Years ago, he appeared with two other senior tax professors on a panel to discuss the art of teaching tax law. One of his colleagues described how he had developed, from one student’s question of why home mortgage interest was deductible, a disquisition on the ability to pay, horizontal equity, and distributive justice. A second panelist, impressed with the tax law as a branch of fiscal policy, explained how the question could have been used to further the students’ appreciation of how the deduction fueled the home building industry. The Dean finally commented tersely, "If students of mine had been foolish enough to ask such a question, I would have asked them to open the Internal Revenue Code and read Section 163." His former students in the audience probably found his reaction as predictable as his glass of Catawba juice at a cocktail party.
In these past weeks, while thinking about what to say to such good friends and distinguished colleagues tonight, like many of you, I was asked to evaluate yet another in the parade of tax schemes offered these days to our corporate clients. Typically, they are based on improbably exploitive reading or even ignorance of the tax law. Especially painful was one of them attributed to a lawyer who had gained prominence while entrusted with high public office. The contrast between the aggressive marketing of such products and the tax law as practiced by respected members of our College prompted me to revisit Dean Griswold’s question of whether the tax law is going to seed, and we practitioners with it. Although my remarks address the current wave of aggressive corporate tax schemes, I hope not to trench on Jim Holden’s thoughtful discussion last year of our ethical responsibilities under Circular 230 or the Code of Professional Responsibility. 3 Instead, I would like to focus on the contrast between the practice of tax law as conceived by prior lecturers and what we experience today.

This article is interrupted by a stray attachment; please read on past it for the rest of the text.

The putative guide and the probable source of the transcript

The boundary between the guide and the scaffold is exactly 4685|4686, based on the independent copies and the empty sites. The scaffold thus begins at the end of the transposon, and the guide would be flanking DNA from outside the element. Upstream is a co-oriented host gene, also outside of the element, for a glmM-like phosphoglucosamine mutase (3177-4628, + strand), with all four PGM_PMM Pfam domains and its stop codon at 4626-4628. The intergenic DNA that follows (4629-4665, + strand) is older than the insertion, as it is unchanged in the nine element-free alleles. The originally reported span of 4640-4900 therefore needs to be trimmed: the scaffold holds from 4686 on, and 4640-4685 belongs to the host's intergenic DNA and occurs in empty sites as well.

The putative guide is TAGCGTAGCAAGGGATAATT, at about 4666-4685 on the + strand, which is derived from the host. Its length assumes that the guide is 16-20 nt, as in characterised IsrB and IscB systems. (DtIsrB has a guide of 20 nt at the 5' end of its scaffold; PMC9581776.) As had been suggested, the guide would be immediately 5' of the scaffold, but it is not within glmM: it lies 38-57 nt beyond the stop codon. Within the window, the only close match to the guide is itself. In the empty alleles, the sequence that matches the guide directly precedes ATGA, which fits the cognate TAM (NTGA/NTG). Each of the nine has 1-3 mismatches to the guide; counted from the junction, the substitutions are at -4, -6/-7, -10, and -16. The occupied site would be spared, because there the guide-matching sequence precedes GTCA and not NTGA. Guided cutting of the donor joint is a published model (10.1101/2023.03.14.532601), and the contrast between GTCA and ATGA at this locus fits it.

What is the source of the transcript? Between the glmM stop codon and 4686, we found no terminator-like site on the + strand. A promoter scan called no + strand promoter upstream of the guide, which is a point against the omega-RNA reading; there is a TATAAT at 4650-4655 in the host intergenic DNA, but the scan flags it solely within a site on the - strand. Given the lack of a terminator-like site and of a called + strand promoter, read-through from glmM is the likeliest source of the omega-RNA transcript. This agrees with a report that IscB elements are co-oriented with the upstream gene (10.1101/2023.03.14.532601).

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1 Erwin N. Griswold, Is the Tax Law Going to Seed?, 11 Am. J. Tax. Pol’y 1 (1994). [Back to text.]
2 Boris I. Bittker, The Erwin N. Griswold Lecture, 11 Am. J. Tax. Pol’y 213 (1994). [Back to text.]
3 James P. Holden, Dealing with the Aggressive Corporate Tax Shelter Problem, 52 Tax Law. 369 (1999). [Back to text.]